Victor Shibata

Victor Shibata, one of the founders of the Manzanar Pilgrimage, passed away on April 17. He was 67.

Shibata was part of a group of 150, which also included Assemblymember Warren Furutani and former Manzanar Committee Chair Sue Kunitomi Embrey, who made the trek from Los Angeles to the site of the Manzanar concentration camp, approximately 230 miles away in the Owens Valley, on Dec. 27, 1969. He was primarily responsible for calling the trip a “pilgrimage.”

“He helped to start the pilgrimages to Manzanar and, in fact, coined the word ‘pilgrimage,’” said Kathy Masaoka of Nikkei for Civil Rights and Redress (NCRR). “He was very active with youth for his whole life and was very generous with his skills as a healer. We appreciated his contribution to the NCRR delegation to Cuba in 2001. Victor will be missed.”

The Manzanar Committee issued a statement, paying tribute to Shibata and his contributions to the Japanese American community.

“We mourn the loss of one of the original founders of the Manzanar Pilgrimage,” said Bruce Embrey, Manzanar Committee co-chair. “Victor is credited with calling the 1969 trip a ‘pilgrimage.’ Prescient to say the least.”

“Victor clearly understood how important confronting the past was to the Sansei in particular, and the Japanese American community in general,” added Embrey. “He knew that a real, thorough appreciation of the struggles the Japanese American community went through during World War II, and its aftermath, was essential to empowering the community.”

Shibata was born Jan. 25, 1945 in Ogden, Utah, where his parents relocated after leaving the Rohwer camp in Arkansas. He grew up in the Seinan district of Los Angeles and attended Dorsey High School. In the late 1960s, Shibata worked as a youth organizer for the Japanese American Citizens League and coached Japanese American youth in basketball. He was also one of the founders of the Yellow Brotherhood, a self-help group based in the Crenshaw District that helped Asian American youth get off of drugs and stay out of gangs.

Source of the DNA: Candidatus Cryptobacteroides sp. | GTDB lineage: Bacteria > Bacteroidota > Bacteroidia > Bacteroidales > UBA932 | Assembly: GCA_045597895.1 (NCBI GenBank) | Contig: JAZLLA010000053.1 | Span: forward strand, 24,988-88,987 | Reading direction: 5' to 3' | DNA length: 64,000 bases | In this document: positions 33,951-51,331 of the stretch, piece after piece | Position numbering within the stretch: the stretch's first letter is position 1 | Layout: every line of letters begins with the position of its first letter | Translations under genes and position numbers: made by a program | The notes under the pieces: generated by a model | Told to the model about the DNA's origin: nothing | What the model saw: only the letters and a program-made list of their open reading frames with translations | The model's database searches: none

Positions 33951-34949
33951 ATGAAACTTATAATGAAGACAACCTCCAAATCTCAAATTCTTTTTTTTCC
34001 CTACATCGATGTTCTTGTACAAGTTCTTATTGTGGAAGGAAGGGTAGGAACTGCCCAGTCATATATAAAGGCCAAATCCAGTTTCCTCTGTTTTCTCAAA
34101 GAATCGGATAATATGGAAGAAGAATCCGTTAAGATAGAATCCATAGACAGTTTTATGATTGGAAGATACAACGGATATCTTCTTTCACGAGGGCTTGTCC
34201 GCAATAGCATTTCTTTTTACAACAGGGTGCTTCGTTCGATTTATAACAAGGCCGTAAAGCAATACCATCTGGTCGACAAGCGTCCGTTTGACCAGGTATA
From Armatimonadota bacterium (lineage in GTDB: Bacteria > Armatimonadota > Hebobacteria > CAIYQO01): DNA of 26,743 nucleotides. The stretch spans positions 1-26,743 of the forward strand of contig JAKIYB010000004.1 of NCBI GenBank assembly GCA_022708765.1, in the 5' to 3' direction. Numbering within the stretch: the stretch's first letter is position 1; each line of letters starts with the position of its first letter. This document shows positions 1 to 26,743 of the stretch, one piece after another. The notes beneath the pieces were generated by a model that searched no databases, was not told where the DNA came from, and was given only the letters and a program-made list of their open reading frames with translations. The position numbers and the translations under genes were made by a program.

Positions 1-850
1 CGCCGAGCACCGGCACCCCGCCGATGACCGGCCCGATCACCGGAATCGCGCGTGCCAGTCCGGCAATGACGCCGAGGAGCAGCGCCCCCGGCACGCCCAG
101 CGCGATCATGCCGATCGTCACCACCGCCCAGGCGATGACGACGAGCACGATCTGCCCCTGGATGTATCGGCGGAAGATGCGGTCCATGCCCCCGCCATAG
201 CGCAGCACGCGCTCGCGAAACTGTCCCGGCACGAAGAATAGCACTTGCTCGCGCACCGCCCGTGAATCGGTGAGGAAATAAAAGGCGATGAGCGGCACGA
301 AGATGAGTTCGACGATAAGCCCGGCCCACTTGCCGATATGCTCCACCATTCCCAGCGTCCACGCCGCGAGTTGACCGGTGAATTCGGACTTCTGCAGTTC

Shibata studied at Cal State Long Beach and Cleveland Chiropractic School, and worked as a chiropractor in the Crenshaw area for approximately 35 years, offering healing and holistic health treatment.

Furutani recalled joining Shibata at anti-war marches, when they had the idea of marching to Manzanar.

“I remember when Victor Shibata and I were going to Oceanside to be in an anti-war march,” Furutani said. “The idea was to take the issue of the Vietnam War directly to the Marine base [Camp Pendleton]. We were sitting there, talking about marches. I think we had the Poor People’s March in Washington, D.C., and the farm workers had just marched to the Capitol to talk about their issues.”

“Victor and I said that we had to march somewhere, and that’s when the idea came up of marching to Manzanar,” Furutani added. “[Manzanar] was the closest, so logic said we can march to that, and, in those days, we didn’t have Google Maps, so we took out the map. [A little over 200] miles — that doesn’t sound too far, so we went.”

Like so many younger Japanese Americans, Shibata had little or no knowledge of the camp experience.

“I thought the camps were this big summer camp everybody went to,” Shibata told the Los Angeles Times in 1989.

But in 1969, he was one of those who stumbled upon a white obelisk in the desert, which turned out to be the Manzanar cemetery monument.

“It was stark, it was weather-beaten, but it was still white, and it was interesting, because the backdrop was, literally, [Mount Williamson] and the Sierra Nevada mountains,” said Furutani. “There was an elegance to it, a starkness. It was very dramatic during a cloudy day, which provided all the environmental drama that helped fill in all the spaces relative to the limited knowledge we had.”

“We started walking around, and it was like discovering a shallow grave, where the elements had blown the top layer off, and then the grave was exposed, and you could see a whole history,” he added.

“We didn’t understand it, because we didn’t have the information. The only book out at the time was called ‘America’s Concentration Camps’ by Allan R. Bosworth. Of course, we didn’t have any movies, or any of the things we have now relative to the experience.”

The Manzanar Pilgrimage is held annually on the last Saturday of April, when the weather is usually warm. But Shibata and the rest of those who attended the 1969 pilgrimage were not so lucky.

“In December, it was cold,” Shibata told the blog i102fly. “We weren’t thinking about that, but it was actually good that we did it in the bad weather. You really [saw] what they went through.”

The Manzanar Committee will pay tribute to Shibata during the Manzanar Pilgrimage next Saturday. Funeral services are private. An open viewing is scheduled for Friday, April 27, from 10:30 a.m. to 12:30 p.m., at Kubota Nikkei Mortuary, 911 Venice Blvd., Los Angeles.

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